This makes sense from the standpoint of Lit Crit - there are only a certain number of plots and they have been categorized, analyzed, and grouped. Same goes for characters - if you don't believe me check out TVTropes.org. As for the message, SF seems to be especially undiversified in that area. Sure, it does a heck of a job investigating nuanced questions of ethics, morality, theology, philosophy, and the sciences via the quasi-magical deus ex machina of Technology, but the fact that it reuses that deus ex machina so often means that some messages inevitably reappear far more often than we would like as consumers or creators of the genre.
In particular, I'm thinking of the dichotomous Technology Is Evil / Technology Is Good message. It sounds like what it is - works of SF inevitably seem to take the stance (implied or overt) that the technology enabling the situations discussed is either Good or Bad. This pratfall can be, and sometimes is, avoided by artists who take care to show that the enabling technology of their work can be used for Good or Bad by Free Agents, but we are speaking in generalities for now, and generally speaking, SF work can be split into these two camps - a fissure that often runs along the similarly deep divide between utopian and dystopian SF.
That leaves imagery and setting. Imagery is great, but what does it usually rely on? The sweeping vistas, vast stretches of time, and colossal armadas made possible by the SETTING. So if you are looking to liven up your SF, you look for a good setting.
The process of constructing this setting is known, in the parlance of the people who do these things, as worldbuilding - and it is a lot of fun. So fun, in fact, that many artists fail to ever begin their actual narrative and instead get stuck in a kind of obsessive, recursive loop.
Take, for instance, Dinotopia, by James Gurney. This series of books and its accompanying website together construct the universe of an undiscovered island of Earth where humans and intelligent dinosaurs live in harmony. A strange excursion into utopian worldbuilding, the Dinotopian universe is especially notable because most of the books that comprise its canon do not so much center around a narrative as they do around a detailed depiction of this setting. Certainly, a simple plot develops and runs to its conclusion, but one gets the sense after reading these books (and looking at their astoundingly detailed illustrations and diagrams) that the story was merely an atrophied vehicle to drive the exploration of the universe. Indeed, it seems possible that if Gurney had thought he could flaunt convention so completely, he might have eschewed the narrative entirely without significant damage to the power of his art.
Don't go thinking this is a fairly unique phenomenon either: other artists, even communities, have put narrative in the backseat while their encyclopedic dialectics working out the innards of a world that never was go for a drive. Orion's Arm, an online community dedicated to creating an SF universe with transhuman elements as plausibly as possible, is one example of a particularly long-lasting community of worldbuilders.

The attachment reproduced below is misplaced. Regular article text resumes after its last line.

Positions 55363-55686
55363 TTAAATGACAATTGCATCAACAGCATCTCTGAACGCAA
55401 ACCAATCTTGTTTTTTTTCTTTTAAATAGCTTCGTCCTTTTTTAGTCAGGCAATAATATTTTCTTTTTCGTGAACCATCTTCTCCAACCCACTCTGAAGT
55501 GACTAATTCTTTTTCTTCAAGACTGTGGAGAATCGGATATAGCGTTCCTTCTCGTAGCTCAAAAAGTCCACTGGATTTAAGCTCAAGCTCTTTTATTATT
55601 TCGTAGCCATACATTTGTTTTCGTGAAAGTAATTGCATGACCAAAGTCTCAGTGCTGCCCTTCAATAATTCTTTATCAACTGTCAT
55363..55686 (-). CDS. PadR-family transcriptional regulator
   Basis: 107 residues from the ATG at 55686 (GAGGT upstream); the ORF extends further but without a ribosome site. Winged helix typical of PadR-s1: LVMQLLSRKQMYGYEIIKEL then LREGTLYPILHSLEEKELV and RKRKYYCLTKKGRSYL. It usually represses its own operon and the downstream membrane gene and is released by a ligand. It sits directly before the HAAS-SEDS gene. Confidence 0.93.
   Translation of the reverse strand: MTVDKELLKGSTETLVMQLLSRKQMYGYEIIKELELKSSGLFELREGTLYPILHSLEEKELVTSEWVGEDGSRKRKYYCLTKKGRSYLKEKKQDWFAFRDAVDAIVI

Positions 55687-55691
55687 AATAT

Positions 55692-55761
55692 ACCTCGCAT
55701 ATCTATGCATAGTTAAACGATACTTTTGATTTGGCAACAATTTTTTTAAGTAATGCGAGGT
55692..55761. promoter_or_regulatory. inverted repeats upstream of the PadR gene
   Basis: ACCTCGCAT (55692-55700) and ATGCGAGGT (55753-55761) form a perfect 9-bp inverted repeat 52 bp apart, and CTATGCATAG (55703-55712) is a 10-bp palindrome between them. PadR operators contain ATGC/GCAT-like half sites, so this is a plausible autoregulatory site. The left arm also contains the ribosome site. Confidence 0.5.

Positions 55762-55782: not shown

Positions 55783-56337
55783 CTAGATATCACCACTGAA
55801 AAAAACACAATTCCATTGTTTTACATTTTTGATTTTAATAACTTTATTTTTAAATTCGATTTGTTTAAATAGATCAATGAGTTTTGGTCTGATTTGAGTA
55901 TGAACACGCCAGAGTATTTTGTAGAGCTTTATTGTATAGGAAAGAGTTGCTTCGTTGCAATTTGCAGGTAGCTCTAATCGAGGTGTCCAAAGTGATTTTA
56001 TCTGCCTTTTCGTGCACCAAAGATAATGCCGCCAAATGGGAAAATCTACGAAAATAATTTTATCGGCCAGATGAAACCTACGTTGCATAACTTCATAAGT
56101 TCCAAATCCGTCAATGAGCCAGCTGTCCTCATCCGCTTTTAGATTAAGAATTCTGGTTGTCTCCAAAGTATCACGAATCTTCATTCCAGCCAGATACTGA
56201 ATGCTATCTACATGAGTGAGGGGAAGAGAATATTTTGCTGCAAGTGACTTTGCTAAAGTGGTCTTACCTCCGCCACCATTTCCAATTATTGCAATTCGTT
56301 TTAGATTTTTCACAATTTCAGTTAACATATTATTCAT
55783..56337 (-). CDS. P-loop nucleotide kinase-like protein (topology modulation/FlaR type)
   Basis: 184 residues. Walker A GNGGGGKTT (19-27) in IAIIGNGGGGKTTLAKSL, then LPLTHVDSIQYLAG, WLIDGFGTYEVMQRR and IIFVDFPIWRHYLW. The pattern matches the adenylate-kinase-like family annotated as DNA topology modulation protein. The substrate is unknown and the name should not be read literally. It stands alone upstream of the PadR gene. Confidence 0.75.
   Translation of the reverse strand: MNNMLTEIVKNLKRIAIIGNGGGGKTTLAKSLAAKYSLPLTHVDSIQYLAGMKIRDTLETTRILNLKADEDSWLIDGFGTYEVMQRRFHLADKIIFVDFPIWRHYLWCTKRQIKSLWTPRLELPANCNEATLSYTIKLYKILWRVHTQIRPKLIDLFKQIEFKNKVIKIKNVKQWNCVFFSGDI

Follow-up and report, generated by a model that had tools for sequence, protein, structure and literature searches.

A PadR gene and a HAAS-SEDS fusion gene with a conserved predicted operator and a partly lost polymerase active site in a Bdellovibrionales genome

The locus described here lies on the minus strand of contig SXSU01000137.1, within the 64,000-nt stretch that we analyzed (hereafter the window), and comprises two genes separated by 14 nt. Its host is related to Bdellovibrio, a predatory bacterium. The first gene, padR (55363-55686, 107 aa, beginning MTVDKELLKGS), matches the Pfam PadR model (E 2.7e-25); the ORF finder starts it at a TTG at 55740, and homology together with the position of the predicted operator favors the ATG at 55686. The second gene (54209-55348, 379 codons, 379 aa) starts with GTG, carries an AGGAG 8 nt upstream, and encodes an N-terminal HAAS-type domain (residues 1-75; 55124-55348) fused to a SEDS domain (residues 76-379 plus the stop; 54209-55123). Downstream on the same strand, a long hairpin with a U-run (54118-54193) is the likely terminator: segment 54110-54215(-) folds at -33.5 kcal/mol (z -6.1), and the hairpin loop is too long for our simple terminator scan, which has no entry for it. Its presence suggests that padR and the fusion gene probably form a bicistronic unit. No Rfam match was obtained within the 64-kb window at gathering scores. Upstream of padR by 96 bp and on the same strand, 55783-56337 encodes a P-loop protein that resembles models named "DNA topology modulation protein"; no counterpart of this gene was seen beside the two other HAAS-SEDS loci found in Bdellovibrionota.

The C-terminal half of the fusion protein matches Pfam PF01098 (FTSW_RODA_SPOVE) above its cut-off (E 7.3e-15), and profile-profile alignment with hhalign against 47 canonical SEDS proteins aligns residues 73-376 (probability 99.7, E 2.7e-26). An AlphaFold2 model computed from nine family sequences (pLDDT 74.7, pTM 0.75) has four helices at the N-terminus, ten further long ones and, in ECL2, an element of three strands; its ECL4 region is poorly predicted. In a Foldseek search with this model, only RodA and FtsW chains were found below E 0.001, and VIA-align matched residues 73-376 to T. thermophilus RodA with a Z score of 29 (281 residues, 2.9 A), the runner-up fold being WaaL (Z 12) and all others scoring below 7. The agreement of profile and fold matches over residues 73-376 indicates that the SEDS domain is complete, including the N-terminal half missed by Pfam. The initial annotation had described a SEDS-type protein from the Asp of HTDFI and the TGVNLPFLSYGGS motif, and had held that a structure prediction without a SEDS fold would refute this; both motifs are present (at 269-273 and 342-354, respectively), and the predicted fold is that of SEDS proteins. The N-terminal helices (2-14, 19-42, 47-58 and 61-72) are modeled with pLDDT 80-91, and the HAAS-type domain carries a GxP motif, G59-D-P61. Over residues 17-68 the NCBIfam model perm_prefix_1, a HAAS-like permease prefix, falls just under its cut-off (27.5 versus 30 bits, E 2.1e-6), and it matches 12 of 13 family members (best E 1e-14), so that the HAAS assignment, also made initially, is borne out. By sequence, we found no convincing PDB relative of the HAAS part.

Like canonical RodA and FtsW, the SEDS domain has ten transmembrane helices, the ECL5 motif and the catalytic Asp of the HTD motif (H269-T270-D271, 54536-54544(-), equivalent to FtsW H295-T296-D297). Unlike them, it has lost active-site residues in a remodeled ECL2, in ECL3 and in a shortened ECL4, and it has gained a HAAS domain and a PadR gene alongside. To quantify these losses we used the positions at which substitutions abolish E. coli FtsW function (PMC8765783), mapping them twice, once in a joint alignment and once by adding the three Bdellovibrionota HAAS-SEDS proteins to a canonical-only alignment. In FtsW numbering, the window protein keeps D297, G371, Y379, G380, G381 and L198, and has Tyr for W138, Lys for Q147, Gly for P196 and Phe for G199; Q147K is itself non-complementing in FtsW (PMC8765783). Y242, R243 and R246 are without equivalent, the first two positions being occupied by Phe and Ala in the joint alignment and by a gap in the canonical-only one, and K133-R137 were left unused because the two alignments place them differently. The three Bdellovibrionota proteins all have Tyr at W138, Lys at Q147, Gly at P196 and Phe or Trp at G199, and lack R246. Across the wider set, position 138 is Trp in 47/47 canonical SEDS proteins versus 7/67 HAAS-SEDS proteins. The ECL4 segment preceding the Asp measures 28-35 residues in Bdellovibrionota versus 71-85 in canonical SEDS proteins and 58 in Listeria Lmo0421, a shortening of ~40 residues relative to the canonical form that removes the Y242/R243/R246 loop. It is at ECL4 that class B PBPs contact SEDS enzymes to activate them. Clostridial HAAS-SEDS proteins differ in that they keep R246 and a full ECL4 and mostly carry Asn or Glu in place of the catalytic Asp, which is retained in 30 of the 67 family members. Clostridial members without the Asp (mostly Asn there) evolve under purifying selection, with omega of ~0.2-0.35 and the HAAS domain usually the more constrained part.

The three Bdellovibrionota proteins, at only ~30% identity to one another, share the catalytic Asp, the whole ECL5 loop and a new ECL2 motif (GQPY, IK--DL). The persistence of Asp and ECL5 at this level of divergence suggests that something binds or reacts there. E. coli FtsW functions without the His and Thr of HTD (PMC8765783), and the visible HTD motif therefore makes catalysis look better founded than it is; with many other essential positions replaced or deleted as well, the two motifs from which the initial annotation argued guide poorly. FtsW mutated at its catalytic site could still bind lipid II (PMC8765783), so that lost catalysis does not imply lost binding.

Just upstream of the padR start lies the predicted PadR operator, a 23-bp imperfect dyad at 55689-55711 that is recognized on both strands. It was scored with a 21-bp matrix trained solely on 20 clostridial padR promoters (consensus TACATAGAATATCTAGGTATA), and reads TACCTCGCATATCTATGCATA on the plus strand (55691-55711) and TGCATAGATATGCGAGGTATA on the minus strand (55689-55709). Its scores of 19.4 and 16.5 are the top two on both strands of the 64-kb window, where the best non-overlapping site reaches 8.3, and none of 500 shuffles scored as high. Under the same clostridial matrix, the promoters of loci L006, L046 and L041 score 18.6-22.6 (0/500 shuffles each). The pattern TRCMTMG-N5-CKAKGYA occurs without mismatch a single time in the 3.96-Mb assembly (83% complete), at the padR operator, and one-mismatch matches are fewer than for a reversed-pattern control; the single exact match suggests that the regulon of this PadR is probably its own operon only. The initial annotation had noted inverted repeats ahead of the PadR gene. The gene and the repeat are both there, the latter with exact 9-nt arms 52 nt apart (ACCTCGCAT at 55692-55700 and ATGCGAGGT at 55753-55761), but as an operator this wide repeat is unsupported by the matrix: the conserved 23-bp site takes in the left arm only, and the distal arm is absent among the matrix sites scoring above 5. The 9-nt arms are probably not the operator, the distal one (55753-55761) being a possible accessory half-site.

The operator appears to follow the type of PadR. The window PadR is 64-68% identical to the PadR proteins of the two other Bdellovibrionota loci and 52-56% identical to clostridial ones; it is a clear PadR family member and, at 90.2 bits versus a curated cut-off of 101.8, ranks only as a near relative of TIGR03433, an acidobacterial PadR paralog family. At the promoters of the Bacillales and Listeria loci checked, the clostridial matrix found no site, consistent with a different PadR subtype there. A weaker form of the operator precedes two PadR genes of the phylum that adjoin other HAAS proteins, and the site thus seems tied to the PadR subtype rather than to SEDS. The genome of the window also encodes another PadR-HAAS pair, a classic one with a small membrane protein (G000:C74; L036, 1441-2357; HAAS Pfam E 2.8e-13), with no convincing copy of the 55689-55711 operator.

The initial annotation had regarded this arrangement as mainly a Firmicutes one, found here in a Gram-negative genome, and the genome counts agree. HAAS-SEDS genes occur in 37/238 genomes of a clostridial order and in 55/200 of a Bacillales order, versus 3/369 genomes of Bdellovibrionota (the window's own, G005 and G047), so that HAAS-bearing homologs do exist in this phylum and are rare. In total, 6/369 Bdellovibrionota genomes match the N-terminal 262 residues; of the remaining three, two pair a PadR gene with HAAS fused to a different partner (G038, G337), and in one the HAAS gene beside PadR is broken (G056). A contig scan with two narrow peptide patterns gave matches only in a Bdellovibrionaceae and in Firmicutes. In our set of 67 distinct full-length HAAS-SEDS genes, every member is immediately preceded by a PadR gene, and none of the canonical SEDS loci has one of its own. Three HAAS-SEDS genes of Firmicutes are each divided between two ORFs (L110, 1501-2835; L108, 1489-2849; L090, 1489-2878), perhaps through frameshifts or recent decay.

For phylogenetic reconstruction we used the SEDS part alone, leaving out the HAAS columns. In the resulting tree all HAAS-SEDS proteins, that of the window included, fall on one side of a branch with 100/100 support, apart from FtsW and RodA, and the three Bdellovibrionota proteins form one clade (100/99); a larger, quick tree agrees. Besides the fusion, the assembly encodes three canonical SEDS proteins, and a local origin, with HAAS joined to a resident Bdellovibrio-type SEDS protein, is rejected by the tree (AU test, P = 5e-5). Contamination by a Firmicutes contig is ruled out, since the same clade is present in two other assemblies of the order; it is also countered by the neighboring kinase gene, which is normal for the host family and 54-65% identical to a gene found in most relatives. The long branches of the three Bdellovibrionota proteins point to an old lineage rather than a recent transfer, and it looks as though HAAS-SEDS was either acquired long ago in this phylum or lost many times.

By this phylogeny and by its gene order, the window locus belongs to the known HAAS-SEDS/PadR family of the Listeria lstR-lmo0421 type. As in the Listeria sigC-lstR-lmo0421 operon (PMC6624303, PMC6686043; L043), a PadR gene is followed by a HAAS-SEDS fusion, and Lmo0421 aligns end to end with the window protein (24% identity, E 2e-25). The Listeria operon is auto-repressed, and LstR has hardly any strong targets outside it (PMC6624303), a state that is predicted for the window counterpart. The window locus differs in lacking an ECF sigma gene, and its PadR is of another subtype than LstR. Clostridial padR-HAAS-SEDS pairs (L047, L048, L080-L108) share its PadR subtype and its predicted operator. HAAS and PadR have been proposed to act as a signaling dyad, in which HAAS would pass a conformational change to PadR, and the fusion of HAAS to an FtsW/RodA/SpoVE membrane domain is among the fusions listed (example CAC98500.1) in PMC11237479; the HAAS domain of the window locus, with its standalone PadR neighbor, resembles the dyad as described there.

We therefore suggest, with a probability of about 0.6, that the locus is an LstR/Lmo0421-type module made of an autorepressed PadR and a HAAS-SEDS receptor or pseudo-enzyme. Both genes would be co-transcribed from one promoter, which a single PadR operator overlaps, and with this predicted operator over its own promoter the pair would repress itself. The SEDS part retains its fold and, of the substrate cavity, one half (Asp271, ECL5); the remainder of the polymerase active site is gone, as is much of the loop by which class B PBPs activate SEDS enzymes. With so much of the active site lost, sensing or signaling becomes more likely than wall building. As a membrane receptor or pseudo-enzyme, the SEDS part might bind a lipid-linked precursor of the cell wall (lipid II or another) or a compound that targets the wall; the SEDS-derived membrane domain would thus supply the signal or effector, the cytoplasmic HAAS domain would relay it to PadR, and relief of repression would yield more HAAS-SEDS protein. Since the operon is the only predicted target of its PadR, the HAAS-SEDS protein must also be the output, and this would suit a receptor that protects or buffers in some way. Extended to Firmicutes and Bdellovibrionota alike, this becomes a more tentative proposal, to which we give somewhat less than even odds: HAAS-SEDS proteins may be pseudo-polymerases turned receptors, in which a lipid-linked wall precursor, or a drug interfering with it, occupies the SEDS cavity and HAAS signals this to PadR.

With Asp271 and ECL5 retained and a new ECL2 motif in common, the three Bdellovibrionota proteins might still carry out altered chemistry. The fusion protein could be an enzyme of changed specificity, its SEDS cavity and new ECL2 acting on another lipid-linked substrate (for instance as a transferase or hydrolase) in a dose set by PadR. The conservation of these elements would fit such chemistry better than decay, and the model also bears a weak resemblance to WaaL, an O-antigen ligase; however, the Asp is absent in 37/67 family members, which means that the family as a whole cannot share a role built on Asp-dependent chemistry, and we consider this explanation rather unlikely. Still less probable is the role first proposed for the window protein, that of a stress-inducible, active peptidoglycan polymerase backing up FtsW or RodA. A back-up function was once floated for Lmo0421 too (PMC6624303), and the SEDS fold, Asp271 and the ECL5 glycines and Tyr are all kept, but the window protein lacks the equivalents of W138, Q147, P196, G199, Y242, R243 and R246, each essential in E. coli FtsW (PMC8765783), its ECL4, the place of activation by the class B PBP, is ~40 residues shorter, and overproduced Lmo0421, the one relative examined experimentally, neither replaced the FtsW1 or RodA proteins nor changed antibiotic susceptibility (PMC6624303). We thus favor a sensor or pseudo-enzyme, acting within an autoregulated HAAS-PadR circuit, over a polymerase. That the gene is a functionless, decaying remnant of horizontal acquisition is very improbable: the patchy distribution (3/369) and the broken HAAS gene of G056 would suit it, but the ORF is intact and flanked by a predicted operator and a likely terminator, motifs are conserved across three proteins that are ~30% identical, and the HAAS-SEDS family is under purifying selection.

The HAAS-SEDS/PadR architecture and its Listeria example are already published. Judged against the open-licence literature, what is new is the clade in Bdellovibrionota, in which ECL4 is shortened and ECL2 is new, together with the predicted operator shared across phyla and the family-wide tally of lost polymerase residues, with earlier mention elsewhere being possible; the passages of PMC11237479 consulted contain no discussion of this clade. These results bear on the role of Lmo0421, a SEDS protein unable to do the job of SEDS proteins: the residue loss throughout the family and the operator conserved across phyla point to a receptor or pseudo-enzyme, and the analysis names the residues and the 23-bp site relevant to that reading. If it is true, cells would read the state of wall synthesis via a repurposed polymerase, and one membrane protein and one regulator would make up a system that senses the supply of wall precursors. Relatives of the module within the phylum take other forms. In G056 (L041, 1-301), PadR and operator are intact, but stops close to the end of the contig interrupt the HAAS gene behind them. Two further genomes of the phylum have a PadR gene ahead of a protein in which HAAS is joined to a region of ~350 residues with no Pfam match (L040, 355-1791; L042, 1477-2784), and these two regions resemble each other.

Even more popular universes are not immune to this sort of fiction. Star Wars features such books as The Illustrated Star Wars Universe and The Star Wars Essential Guide series. While these books use the material which fleshes out the traditional narrative expressions of their universes as a starting point, much of the information contained in these volumes is either assumed, deduced, induced, or entirely fabricated. Jumping onto this trend's bandwagon are books like Fantastic Beasts and Where to Find Them, by Newt Scamander (aka J.K. Rowling), and The Dune Encyclopedia, edited by Dr. Willis E. McNelly. It would seem that if a universe is inviting enough, there is a market made up of people who simply want to explore its niches and unmapped territories, to make it even more "real" in their minds by learning new details. After all, as any good lier knows, the least questioned stories are generally the ones with more consistent details. To achieve verisimilitude, a facsimile must be nuanced. The real world is complex, and so are the best of our fantasies.
I must confess I am not an unbiased witness - even as children my brother and I created our own fantastic universe, which you can view in this slideshow here (be sure to access the speaker's notes by opening it in a new window using the button on the lower left of the player and then clicking Actions. They provide much-needed explanations for the odd illustrations):
The point then, as it seems to be now, was to create a platform for an infinite variety of narratives to take off from in the mind. Thus in its way, the worldbuilding mode is more versatile and free than even the novel or the non-sandbox computer game. These media cannot rove over the countryside of a newly-imagined universe without considerable difficulty, because they are constrained by the rigid train-tracks of a narrative plot that must show only what is relevant to progressing the storyline if it is to maintain proper pacing and keep the reader's interest. Although many of us love the discursive examinations of esoterica found in books like Moby Dick, this sort of sidetracked writing style is often criticized. It appears ill-fit with the narrative it purports to uphold. It might often do better liberated from the shackles of its parasitic narrative structure.
In a round-about way of argumentation, I suppose I have been attempting to point out that this uniquely postmodern mode of fictive artistic expression deserves recognition as a subgenre within SF & Fantasy. Worldbuilding is a natural and valid mode in and of its own right, and offers opportunities to artists that no other present medium seems prepared to provide.